They've got to get over their hatred of Trump before they can succeed. Even anti-Trump people want to hear about something else once in a while.
    • Re: (Score:2, Funny)

      by EzInKy ( 115248 )

      More people hate Trump than like him. You are saying they should censor themselves then?

      P.S. I'm really worried about Sweden. The latest terrorist attack against their country never made the mainstream news.

      • Re: (Score:2, Insightful)

        by Anonymous Coward

        Even as someone who has no particular like for Trump, it's getting old fast. The anti-Trumpers are raving like lunatics and their little fits of rage have worn thin. For people who ride him about tweeting about the irrelevant issues, they sure don't bring a lot to the table themselves. At the rate they're going they may have me voting for him by next election just to put them off.

        • When I meet these people, I always thank them for volunteering so much time and effort to Trump's reelection campaign. The best part is that they usually react by doubling down - making them even more repugnant to normal people.

          • Re: (Score:2, Insightful)

            TBH, that goes both ways and why I find the Horse-shoe theory applicable. Both sides are doubling down and the real question is which side is pissing off the middle more than the other. Right now, I think more people are getting fed up with the left, hence POTUS Trump. Yea, Trump is disliked but that was true before he was elected. Obviously, that dislike wasn't enough. All he has done is what he promised on the campaign trail, like it or not. Just like the ACA that pissed off R's that Obama said he would d

        • Re: (Score:2, Insightful)

          by Anonymous Coward

          You mean like Fox and Breitbart got over ranting about Obama and Hillary? That certainly hurt them. Face it, never letting go is now seen as the winning strategy, both in terms of news and politics.

        • Re: (Score:2, Informative)

          by AmiMoJo ( 196126 )

          Sorry, but when your president is a habitual liar, at war with the free press and surrounded by even worse people it's not a "fit of rage", it's genuine and justified concern.

          Trying to dismiss it as some kind of childish tantrum is a straight up silencing tactic. It's not going to work. Especially when the POTUS is prone to doing exactly what you complain about, often at 3AM on Twitter, or through his spokesman at a Whitehouse Press Conference.

          • Re: (Score:2, Interesting)

            What does war with the press mean? Seriously. All I can see is that each (government and press) are vying for authority on truth which neither have. So what?

            What I find funny is that news has become a 3rd person reading of twitter tweets. lol, because twitter has nothing to do with shit-posting. As the internet became more ingrained in society it was inevitable that politicians began shit-posting like the rest of us. It's just hilarious to find "old media" out of touch with shit-posting.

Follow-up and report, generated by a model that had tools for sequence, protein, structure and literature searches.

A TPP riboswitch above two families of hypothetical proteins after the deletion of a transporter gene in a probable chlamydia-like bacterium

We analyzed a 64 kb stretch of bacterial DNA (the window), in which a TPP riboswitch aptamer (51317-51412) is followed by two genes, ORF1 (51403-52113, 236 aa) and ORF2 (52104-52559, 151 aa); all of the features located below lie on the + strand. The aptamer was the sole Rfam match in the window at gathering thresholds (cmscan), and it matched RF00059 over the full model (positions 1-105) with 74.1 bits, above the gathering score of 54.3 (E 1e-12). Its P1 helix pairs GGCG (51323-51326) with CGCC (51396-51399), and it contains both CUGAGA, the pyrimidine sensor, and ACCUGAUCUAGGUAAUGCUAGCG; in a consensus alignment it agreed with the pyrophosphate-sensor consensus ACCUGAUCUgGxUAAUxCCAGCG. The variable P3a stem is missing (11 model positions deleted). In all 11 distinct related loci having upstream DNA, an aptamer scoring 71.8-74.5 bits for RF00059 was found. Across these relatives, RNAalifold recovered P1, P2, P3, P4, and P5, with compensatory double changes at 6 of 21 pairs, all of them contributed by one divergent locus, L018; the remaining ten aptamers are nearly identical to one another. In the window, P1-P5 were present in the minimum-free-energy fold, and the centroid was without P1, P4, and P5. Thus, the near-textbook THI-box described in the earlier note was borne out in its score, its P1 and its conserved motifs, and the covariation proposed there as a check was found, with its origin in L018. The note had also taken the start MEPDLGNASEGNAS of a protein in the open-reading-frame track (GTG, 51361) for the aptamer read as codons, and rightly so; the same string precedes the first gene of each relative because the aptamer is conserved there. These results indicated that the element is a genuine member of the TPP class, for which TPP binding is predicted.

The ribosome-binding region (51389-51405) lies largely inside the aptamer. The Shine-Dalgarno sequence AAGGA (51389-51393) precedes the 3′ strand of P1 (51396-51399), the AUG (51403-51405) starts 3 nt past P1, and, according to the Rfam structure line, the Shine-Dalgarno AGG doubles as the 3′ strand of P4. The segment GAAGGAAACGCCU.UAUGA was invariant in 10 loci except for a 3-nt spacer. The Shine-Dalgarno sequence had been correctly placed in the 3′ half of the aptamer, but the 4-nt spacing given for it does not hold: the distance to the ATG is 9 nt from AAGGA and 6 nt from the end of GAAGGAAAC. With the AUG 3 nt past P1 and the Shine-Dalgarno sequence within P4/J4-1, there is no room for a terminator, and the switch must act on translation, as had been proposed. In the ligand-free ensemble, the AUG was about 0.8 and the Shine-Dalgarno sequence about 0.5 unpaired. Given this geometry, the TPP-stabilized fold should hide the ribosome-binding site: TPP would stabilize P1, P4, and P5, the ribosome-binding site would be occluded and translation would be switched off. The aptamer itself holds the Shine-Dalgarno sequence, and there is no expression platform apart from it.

War on memes because

        • Re: (Score:2, Insightful)

          by Anonymous Coward

          Trump's election represented a repudiation of "got'cha" journalism. We have "gotcha" fatigue as a society. With media, it was always, "Forget about policies for a second, people... he SAID THIS DUMB REMARK! Got'cha, Donald! They can't vote for you now! Time to accept an establishment candidate!"

          We're tired of being told who to vote for because somebody's remarks upset elite professors and business owners. They act like outrageous comments should automatically invalidate policy ideas. "Paul Krugman thinks Do

        • by gtall ( 79522 )

          They are just echoing the anti-Obama people who went before. We were treated to "stories" about his birth in Kenya even after his Hawaii birth certificate was published. We even had a presidential candidate honk on about it long after it was a dead horse.

          Before that, it was the anti-Bush people who decided their inside joke was to call him a Nazi.

          Before that, we were treated to the Bible thumpers thumping about Bill Clinton and Sex...funny how the Bible thumpers are fixated on Sex.

          Before that, it was the an

      • It gets old too quick. Fortunately for me, It gives me a good excuse to go for a morning walk rather than my usual half hour going through news. Bias and the lack of inspiration are a part of it, but too much of "the end is neigh" and there really isn't a point: we are stuck with him for another 47 months, and for at least the next 16 months there really isn't much that can be done to change the picture.
      • by dbIII ( 701233 )

        More people hate Trump than like him. You are saying they should censor themselves then?

        Yes! They should serve King not country! It's the American waaaayta minute, somethings not right here.

      • Re: (Score:2, Informative)

        by Anonymous Coward

        I'm really worried about Sweden

        What you are, actually, is ignorant of the facts. Talk to a cop who has to deal with what's going on there. Or better yet, try living with it yourself for a week or two.

        This guy caught heat for being honest about it. []

        But you can be honest about it without risking public backlash, so why not try it?

    • I have the same problem in here :D
    • Re:Hard to read (Score:5, Insightful)

      by AmiMoJo ( 196126 ) <> on Tuesday February 21, 2017 @09:18AM (#53904819) Homepage Journal

      Can't really avoid reporting what the POTUS and wider government does, and it's not really their fault if honest reporting tends to paint Trump in a bad light. Maybe they can lighten it up with more cartoons or something.